He played for a decade in the NFL and earned a Super Bowl ring. Yet this fall, Tony Banks will be a rookie all over again.
He will begin his first varsity head coaching job at Greenhill School, bringing high-profile credentials to a struggling program. Banks already is familiar with the school and many of the players after being an assistant on last season’s 1-9 squad.
“I had an absolute blast. I really like the Greenhill environment,” Banks said. “The stars were aligned to do this. I’m ready to be a head coach and lead a program.”
Banks, 47, won a Super Bowl as a backup quarterback for the Baltimore Ravens in 2000. He also played multiple seasons with the St. Louis Rams and Houston Texans, accumulating more than 15,000 passing yards in the NFL and throwing 77 touchdown passes.
During a brief stint with the Cowboys in 2001, Banks bought a house in the Dallas area and has lived here ever since. After retiring in 2005, he’s worked as a broadcaster, a private trainer, and a youth coach.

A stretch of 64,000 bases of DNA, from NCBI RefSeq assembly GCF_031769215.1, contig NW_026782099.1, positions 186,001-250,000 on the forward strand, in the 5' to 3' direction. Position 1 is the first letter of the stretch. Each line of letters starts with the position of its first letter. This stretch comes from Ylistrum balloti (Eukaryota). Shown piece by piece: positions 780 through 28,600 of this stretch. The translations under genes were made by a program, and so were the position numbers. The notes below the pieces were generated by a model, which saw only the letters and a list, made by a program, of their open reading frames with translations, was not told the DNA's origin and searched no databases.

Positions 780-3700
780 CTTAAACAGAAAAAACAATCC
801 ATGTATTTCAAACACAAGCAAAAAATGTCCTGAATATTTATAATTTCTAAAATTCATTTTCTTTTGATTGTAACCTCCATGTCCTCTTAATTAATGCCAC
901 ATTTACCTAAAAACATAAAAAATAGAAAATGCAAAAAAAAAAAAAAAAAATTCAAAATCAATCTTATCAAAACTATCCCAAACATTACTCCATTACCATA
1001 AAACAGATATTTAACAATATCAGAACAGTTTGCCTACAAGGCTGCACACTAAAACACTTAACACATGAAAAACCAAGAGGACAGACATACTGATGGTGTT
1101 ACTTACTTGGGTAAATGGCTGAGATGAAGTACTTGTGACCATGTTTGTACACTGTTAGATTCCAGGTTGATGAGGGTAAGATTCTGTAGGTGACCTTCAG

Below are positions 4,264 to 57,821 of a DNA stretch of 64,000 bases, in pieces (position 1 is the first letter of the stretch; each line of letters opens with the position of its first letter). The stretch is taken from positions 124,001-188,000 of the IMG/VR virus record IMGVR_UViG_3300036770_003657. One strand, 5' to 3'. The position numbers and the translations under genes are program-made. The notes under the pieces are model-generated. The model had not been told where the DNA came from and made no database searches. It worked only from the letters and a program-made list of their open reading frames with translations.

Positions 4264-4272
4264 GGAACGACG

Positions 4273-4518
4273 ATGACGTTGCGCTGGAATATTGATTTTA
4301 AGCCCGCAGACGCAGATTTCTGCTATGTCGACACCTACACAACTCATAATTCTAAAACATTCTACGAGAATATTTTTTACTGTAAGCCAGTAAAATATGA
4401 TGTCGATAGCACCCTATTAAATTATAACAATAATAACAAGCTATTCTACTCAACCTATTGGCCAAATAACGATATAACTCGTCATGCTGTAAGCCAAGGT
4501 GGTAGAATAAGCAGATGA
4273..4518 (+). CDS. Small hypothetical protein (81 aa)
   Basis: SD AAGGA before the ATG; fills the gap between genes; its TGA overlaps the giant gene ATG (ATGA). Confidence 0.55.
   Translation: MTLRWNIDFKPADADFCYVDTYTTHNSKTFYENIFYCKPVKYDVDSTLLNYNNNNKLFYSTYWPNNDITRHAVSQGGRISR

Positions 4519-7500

“I was fortunate to be close to a lot of coaches, so I got to know those guys in more than just a coach-player relationship.”Tony Banks
At Greenhill, Banks will replace Casey Selfridge, who posted a 7-23 record over three seasons. The Hornets have just one victory in the past two seasons combined.
“He was the next person for the job,” said Greenhill athletic director Jarrett Shine. “He understands the game and teaches kids how to play the game properly. We know he’s going to do great things for the program.”
Banks also will have an opportunity to continue coaching his son, Deuce, who will be a freshman at Greenhill this season.
“I’ve really enjoyed coaching him,” Banks said. “I was trying to look for opportunities to get to coach him on some level in high school.”
Banks hopes to use his experience in building relationships at the highest levels of the sport to nurture Greenhill’s players. For example, he’s still close with legendary coach Dick Vermeil, who mentored Banks as a young pro with the Rams in the late 1990s.
“I was fortunate to be close to a lot of coaches, so I got to know those guys in more than just a coach-player relationship,” Banks said. “I know those bonds can be very strong.”
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